Jeff Gorman has written a perfect book to show just how much goes into the making of a good spot. The book is peppered with some great commercials that hopefully you’ll remember. If not, most of them will make you laugh anyway. They were made during the golden age of advertising.
The book also has a lot of personal ‘on set’ photos that brings a personal touch to this experience. SIT BACK, READ AND ENJOY!
A blitzkrieg of sarcasm
This is one funny book. A collection of insightful stories from a writer and director who did landmark work for decades. I highly recommend this for anyone in this silly business or contemplating getting into it. You may think twice. Or you just might see behind all the verbal malice is a passionate and sweet guy who is incredibly talented. Good stuff.
A funny, entertaining and interesting look at TV advertising
By Mark Androw
This book is a delightful, humurous and informative read about the inside world of a commercial director and advertising creative. And as a special bonus it contains clips from the author’s amazing body of commecial work. Gorman, names names and doesn’t hold anything back in describing the inside world of advertising. This book will appeal to both advertising professionals and anyone not in the industry who would like a glipse into Gorman’s unqiue world.
Freelance writer - Matt Vescovo
I'm happy to see that Jeff Gorman, the smart, funny, bitter and crotchety director, has used those same traits to write a very entertaining book.
Co-Founder Crispin, Porter+Bogusky
By Alex Bogusky
I don’t know when the golden age of advertising was but it isn’t now. For sure, Jeff Gorman was there for all the good stuff and Last Stop Before the Sphincter places him at the epicenter. I know people in the box now seem to lament the guts we used to have and I can’t think of anybody gutsier than Gorman as these stories clearly and hysterically make clear. Reading this book is like sitting at a shoot or a pre-pro with Jeff on the many occasions we shot together and re-hearing all the stories. Incredible! Reading the chapter titled “Alex and the Truth” I’m not shitting you that tears welled up when I read the things Gorman said about me. And yeah, some of those tears were from laughing out loud. Thanks, amigo, for this book and for all the help you’ve given me (and countless others) along the way.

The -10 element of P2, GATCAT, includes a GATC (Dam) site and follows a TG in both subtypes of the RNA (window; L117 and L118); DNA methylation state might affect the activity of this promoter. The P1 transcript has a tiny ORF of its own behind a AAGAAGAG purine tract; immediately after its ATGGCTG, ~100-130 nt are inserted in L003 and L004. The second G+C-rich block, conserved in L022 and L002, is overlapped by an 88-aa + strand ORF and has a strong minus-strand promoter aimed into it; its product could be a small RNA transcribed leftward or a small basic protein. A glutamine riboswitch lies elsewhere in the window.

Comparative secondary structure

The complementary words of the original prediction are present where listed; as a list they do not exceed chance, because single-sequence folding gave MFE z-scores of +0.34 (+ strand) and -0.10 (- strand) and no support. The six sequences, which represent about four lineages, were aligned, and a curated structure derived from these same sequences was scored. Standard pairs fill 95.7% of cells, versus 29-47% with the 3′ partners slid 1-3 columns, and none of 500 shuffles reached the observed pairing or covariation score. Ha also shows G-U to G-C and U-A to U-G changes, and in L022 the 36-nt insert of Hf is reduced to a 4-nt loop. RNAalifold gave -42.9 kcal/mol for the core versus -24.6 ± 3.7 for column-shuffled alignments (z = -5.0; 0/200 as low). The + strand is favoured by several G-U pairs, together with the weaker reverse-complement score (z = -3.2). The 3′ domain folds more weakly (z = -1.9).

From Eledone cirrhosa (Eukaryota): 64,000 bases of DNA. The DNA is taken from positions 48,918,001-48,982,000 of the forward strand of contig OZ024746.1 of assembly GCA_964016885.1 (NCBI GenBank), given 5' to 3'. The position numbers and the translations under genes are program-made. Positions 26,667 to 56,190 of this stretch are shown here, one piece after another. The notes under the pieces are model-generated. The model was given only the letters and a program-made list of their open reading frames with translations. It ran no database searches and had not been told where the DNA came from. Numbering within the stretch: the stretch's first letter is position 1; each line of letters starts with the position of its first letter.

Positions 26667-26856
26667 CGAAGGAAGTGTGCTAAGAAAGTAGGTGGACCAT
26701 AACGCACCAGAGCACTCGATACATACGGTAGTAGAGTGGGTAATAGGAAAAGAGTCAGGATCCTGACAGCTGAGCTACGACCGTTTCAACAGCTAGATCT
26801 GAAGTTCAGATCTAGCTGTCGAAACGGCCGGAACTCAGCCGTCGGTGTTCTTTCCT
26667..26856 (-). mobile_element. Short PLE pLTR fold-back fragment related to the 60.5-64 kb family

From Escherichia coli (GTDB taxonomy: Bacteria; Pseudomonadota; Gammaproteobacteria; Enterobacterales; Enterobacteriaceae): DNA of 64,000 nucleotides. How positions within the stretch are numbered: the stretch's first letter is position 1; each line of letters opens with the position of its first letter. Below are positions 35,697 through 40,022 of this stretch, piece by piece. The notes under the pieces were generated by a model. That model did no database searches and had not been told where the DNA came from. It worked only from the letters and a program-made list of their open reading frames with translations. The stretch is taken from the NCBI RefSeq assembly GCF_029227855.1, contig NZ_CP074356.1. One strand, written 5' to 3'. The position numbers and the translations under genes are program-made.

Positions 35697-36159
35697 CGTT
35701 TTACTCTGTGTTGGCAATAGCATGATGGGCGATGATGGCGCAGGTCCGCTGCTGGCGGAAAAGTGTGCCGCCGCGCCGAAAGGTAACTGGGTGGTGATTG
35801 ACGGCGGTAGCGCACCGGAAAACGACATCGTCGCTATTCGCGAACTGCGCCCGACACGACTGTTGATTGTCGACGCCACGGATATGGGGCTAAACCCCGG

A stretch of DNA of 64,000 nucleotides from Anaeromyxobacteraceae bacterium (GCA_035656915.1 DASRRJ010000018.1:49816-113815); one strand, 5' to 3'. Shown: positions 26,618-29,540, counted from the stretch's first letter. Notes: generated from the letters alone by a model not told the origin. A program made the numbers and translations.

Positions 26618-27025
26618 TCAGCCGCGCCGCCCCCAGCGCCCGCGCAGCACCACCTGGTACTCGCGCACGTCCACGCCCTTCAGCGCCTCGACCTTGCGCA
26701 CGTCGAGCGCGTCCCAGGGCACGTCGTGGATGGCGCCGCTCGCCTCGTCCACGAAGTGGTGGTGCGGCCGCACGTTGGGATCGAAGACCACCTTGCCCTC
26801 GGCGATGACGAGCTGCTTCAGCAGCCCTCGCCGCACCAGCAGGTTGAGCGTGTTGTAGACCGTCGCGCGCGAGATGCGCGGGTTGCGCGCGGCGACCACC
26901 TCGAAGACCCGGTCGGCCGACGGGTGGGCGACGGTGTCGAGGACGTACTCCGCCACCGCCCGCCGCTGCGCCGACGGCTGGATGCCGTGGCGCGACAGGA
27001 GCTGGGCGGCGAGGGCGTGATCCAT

Hurts so good
“Looking for pollyanna tales of the glamorous life in advertising? Look elsewhere. This is not for the faint hearted. Or for those of you who can’t handle the truth. This is a book about being in the trenches. Of resisting the urge to clobber stupid clients and corn hole even stupider colleagues. You want strategy, you want business acumen, you want the secret formula to successful advertising? Than you want something else. Jeff Gorman has seen everything. And done everything. And at over 800 pages in length, he hasn’t left out a single juicy detail. First there was Mad Men. Last Stop Before the Sphincter is about Madder Men.”
-Rich Siegel 44-year-old Copywriter, Humorist, Author
How Jeff Gorman remembered anything is a tribute to his memory and/or creativity
I have known Jeff Gorman since the mid-1970’s. We have been friends, accomplices in crime, occasional antagonists, business partners, and, most notably, accomplished kvetchers.
I was hoping that Jeff’s tome, "Last Stop Before the Sphincter" would be an unreadable compendium of self-serving and humorless anecdotal fabrications. Not because I wished Jeff any ill-will, mind you, but because I was thinking of myself; I really wanted to use a quote attributed to Dorothy Parker in her review of Ayn Rand’s "The Fountainhead:" “It is not a book to be lightly thrown aside. It should be thrown with great force.” (Incidentally, Ayn Rand’s "The Fountainhead", 753 pages; Jeff Gorman’s "Last Stop Before the Sphincter," 803 pages.)
Unfortunately, I will be unable to use Parker’s quote when commenting on Jeff Gorman’s illustrious and blithe look at the hell he willingly created for himself. Jeff recalls, in vivid detail, his career in the advertising and commercial film production business in a series of amusing and wryly written chapters. From his glory days at Chiat-Day to his award winning career at Johns+Gorman Films and JGF, Jeff lays out an uncompromising look at what it was like to be an advertising deity (despite relying upon an addled brain and a distorted sense of reality.) How he remembered anything is a tribute to his memory and/or creativity.
That said, “Sphincter" is a must read.
-Gary Johns, former art director Chiat/Day; partner, Johns+Gorman Films; current gadabout and occasional artist.